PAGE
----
Newman testified that she saw Baker remove something silver from the trunk of the car.   Though she did not actually see the gun, she believed the item was a gun and heard a gunshot immediately thereafter.   Trahan testified that he saw Baker, whom he described as the bigger fellow, run from Shepherd to the trunk of the car and remove a gun from the trunk.   Baker shot once at Trahan, then at Shepherd, and during the course of firing, shot out the window of the restaurant.   Shepherd also testified that Baker was near the car when the shots were fired.

The weight and credibility of witnesses are questions for the triers of fact;  that some evidence offered by a witness seems contradictory to his own or to some other's, or incomplete or uncertain, does not automatically discredit the evidence given by that witness for it is the function of the triers of fact to determine to what evidence it gives credence.   It is not for us to determine or question how the jury resolved any apparent conflicts or uncertainties in the evidence.   Rather, on appeal, we indulge every contingency in favor of the verdict.7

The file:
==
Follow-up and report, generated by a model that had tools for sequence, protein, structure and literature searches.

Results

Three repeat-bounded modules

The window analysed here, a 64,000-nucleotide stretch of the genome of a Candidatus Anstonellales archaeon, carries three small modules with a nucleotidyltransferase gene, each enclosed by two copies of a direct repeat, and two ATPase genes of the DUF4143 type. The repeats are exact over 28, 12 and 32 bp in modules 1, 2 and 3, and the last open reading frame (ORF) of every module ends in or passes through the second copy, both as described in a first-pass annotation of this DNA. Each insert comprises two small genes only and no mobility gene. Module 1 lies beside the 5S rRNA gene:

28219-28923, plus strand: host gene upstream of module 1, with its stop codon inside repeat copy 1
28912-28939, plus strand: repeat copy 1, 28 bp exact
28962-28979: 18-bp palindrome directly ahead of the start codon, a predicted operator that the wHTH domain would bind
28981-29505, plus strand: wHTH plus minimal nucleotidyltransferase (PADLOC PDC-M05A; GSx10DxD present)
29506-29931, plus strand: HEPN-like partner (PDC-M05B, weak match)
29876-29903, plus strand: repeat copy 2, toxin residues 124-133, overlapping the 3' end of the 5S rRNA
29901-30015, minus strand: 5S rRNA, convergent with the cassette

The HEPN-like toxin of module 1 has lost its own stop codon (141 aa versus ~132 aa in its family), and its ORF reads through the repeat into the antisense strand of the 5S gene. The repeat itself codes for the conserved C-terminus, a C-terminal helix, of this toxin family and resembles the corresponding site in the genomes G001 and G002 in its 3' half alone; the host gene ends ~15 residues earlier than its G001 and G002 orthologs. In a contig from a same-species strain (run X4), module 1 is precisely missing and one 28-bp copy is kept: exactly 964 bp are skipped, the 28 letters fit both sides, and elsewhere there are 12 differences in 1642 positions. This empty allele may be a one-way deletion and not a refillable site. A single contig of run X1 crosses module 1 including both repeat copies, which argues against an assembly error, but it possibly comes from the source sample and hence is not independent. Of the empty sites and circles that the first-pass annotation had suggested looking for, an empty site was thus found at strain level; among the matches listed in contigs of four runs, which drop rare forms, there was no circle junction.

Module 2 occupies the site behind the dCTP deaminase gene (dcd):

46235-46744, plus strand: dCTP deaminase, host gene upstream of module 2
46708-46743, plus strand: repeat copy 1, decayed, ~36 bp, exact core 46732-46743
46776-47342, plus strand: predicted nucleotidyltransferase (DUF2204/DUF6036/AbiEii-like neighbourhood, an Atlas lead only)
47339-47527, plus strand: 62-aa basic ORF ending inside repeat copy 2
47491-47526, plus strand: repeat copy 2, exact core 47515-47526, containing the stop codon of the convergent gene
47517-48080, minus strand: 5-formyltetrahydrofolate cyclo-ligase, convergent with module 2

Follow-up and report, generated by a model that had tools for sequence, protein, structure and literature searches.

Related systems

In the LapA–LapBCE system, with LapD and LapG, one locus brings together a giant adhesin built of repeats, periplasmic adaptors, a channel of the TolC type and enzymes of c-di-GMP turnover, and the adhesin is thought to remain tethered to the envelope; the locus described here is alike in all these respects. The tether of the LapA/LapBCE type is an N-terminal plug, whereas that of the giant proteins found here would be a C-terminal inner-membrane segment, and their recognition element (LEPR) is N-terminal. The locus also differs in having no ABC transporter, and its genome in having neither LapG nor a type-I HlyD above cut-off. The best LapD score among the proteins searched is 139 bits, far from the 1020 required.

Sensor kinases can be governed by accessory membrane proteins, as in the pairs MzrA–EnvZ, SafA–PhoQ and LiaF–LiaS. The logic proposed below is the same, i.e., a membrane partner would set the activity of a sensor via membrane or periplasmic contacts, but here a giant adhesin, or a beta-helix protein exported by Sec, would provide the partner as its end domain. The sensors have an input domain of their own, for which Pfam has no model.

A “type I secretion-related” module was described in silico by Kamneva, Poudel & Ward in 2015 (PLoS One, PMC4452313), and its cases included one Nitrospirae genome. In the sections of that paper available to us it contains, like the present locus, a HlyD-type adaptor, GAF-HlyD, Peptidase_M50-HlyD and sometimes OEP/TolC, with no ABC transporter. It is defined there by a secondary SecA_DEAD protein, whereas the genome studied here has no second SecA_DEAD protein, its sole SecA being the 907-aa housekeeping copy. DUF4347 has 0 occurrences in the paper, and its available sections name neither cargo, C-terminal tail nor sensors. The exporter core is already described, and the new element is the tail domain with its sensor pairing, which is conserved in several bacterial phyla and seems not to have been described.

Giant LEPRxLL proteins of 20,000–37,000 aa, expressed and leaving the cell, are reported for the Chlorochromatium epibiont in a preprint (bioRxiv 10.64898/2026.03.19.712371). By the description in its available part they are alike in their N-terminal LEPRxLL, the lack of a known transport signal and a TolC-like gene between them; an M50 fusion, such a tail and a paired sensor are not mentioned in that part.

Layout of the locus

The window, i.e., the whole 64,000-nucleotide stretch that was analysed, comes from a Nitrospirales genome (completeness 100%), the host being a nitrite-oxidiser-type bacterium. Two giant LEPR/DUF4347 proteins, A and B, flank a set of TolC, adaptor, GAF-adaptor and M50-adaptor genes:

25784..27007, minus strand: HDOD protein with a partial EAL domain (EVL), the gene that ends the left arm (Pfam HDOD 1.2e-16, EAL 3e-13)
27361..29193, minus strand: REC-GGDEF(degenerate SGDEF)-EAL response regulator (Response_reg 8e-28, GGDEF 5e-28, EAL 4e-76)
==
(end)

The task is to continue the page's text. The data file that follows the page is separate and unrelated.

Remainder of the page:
Accordingly, we find the evidence sufficient to support the jury's finding that Baker was guilty beyond a reasonable doubt of aggravated assault because he shot Shepherd and shot in the direction of Trahan and Newman.8

 We note too that the jury was charged on parties to a crime.   Sergeant Lawson testified that Baker told him that he did not fire the gun, but gave it to someone else for that purpose.   Based on this evidence, the jury could have concluded that Baker was guilty as a party to the crime.